Date de mise en ligne : [16-01-2012]
Mots-clés : théorie
15 May 2012 with Prof. Judith Butler (UC Berkeley) Venue : Institute for Gender Studies, Geneva University, Switzerland
Conception : Delphine Gardey (Geneva University) and Cynthia Kraus (Lausanne University) Scientific Committee : Delphine Gardey (Geneva University) ; Cynthia Kraus (Lausanne University) ; Sushila Mesquita (Vienna University) ; Lorena Parini (Geneva University) ; Patricia Purtschert (ETH Zurich)
Logistics : Aurélie Chrestian (Geneva University) and Julien Debonneville (Geneva University)
In her groundbreaking book, Gender Trouble (1990), Judith Butler inaugurates and develops her critique of foundational reasoning – of identity categories such as (biological) sex, or of a transcendental subject such as “the woman” or even “women” (in the plural) – as a critique of identity politics in general, and of a women’s identity-based feminism in particular. For this reason, her antifoundationalism appears as a critical practice that seeks not only to rethink the political – along with genders, bodies, subjects and agency – in terms of performativity rather than of representation, but also, and most importantly, to theorize alternatives to identity politics in terms of coalition building. Since then, we can consider that Butler has insistently returned to the action-oriented question of “what is coalition ?” and further elaborated on the conditions of possibility of alliance formation – at least, as much as on the conditions of subversion – in order to move effectively toward what she calls a “progressive” or “radical democratic politics.” This concern has become increasingly explicit in her responses to the 9/11 events – from Precarious Life (2004) and Giving an Account of Oneself (2005) to Frames of War (2010) in which she suggests that the Left consider shared human precarity as “an existing and promising site for coalition exchange” and for rights-claiming. Interestingly, this proposal centered on the yet existing inequalities in the distribution and recognition of precarity – and vulnerability – brings into new critical focus major political themes that have been running throughout her entire work, such as the relations between power, desire, norms for subject formation, and a non-naturalized conception of agency (e.g. Subjects of Desire, 1987 ; The Psychic Life of Power, 1997), or the question of violence, in particular state violence and public injury, as well as the issue of grieving in relation to the State, the law, war, to sovereignty and kinship arrangements (e.g. Excitable Speech, 1997 ; Antigone’s Claim, 2002). Indeed, and according to Butler, a precarity-oriented politics involves not only a new ontology and social theory of the body-in-society in terms of radical interdependency (a claim that extends her discussion in Bodies that Matter, 1993), but also strong normative commitments : first, to a politics of equality, responsibility, sustainability, and protection (to name just a few), so that individual and collective subjects can come into full existence, and live a livable and grievable life (Frames of War ; Precarious Life) ; second, to an epistemology of relative self-unknowability (Giving An Account of Oneself) ; hence, third, to a critical ethics of naturalized norms and their supporting exclusions, i.e. to (self-)critique as ethics (Giving an Account of Oneself).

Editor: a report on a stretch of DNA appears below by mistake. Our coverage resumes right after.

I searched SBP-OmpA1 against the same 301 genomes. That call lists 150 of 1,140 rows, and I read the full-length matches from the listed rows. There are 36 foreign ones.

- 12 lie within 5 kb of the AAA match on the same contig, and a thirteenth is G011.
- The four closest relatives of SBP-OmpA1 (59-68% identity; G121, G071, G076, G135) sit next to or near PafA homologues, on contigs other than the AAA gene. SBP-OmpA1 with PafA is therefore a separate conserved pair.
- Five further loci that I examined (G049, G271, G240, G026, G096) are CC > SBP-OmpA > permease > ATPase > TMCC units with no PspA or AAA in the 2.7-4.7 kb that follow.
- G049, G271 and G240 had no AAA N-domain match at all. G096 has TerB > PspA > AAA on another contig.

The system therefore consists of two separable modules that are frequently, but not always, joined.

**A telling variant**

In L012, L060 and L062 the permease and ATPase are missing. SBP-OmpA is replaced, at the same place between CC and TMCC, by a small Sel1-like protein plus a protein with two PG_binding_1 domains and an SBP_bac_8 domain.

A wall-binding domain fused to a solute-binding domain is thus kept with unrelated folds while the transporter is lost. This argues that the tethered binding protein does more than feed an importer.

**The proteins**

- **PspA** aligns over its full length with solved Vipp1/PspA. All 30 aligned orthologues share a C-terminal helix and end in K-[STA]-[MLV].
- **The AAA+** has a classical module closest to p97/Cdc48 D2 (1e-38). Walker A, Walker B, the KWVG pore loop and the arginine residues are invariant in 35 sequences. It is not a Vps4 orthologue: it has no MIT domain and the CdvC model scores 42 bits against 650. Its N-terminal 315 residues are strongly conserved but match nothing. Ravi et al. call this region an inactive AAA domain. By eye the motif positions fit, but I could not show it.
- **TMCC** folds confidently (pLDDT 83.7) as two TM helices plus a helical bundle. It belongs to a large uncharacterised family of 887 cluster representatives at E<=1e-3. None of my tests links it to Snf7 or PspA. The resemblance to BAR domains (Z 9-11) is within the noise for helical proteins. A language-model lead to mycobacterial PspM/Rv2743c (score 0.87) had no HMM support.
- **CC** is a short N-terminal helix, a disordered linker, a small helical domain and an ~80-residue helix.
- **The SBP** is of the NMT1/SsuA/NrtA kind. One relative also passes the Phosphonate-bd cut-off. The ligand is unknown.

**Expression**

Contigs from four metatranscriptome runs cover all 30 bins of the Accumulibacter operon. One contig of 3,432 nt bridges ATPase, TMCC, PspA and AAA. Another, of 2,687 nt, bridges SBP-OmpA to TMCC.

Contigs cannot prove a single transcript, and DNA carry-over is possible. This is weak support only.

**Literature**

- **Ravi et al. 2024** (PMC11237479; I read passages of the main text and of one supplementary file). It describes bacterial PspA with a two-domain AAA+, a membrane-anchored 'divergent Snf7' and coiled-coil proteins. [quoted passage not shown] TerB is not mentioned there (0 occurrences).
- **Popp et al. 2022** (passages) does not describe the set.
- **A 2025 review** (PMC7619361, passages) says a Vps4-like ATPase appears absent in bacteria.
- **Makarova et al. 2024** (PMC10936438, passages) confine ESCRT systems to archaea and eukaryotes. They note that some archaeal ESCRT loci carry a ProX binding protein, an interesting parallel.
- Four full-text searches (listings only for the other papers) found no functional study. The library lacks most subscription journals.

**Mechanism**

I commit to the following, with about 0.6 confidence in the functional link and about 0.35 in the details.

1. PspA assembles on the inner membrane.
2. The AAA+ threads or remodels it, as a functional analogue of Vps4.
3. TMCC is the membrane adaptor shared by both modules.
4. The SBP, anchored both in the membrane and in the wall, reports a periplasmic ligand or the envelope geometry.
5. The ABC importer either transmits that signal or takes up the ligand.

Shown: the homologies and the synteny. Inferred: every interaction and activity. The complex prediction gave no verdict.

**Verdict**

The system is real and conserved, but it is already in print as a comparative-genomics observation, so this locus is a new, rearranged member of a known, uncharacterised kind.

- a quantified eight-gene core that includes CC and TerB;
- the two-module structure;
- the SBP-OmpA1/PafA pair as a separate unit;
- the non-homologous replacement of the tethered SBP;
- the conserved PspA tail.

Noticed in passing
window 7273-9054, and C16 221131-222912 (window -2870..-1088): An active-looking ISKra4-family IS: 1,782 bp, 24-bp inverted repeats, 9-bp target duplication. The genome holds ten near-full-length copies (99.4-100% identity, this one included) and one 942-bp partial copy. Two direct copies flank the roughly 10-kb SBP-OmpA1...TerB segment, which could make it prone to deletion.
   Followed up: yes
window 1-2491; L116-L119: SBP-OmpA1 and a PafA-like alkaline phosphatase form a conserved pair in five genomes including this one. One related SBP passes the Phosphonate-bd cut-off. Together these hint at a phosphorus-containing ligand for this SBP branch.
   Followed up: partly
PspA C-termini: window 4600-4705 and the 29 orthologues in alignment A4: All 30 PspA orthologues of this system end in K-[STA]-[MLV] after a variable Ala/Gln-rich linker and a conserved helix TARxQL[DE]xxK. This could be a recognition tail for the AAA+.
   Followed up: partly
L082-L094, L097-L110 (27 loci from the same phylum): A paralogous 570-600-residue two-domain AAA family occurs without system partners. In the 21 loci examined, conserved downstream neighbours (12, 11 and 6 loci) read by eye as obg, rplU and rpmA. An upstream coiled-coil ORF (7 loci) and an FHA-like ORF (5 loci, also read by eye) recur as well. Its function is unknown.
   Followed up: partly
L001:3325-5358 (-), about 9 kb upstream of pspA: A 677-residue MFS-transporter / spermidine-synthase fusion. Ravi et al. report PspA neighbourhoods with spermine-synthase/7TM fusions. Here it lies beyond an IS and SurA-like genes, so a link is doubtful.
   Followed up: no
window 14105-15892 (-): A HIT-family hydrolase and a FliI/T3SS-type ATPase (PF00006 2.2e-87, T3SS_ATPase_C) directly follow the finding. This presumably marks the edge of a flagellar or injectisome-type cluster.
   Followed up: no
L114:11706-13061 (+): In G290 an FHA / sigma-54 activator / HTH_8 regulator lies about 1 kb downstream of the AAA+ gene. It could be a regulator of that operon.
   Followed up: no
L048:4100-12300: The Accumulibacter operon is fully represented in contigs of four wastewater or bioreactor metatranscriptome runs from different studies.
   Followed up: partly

This one-day conference aims to reflect – historically, sociologically, philosophically – on the conditions of possibility, on the objects, means and purposes of alliance formation – between minorities, with the State, political parties, and other public actors, or between disciplines, or even across species (e.g. animal-human), etc. –, of political transformation, and thus of a collective agency, in both domestic and international contexts, through the concrete and generic question of “What is coalition ?” – with special interest for the ways in which critical perspectives inspired from feminist and queer theory can be made into productive tools to theorize the political at various levels, at different times and locations, but also to intervene and do better democratic work. We encourage submissions from all research fields that present original material and engage, with creativity and precision, with both the theoretical and practical dimensions of the conference question with insights from – rather than directly on – Butler’s “political theory.”
Deadline for conference paper (including abstract) submission : 15 February 2012
Paper length : max. 30’000 characters (space included, references not included) for a 20 to 30- min. presentation. Abstract : max. 3000 characters (space included)
NB : at that stage, conference papers can be sent either in French, in English, in Italian, or in German, but all abstracts should be sent in English.
Notification of acceptance by : 5 March 2012
The final papers will be considered for possible publication in a volume or a journal special issue.
Abstracts, conference paper proposals and final conference papers should be sent to :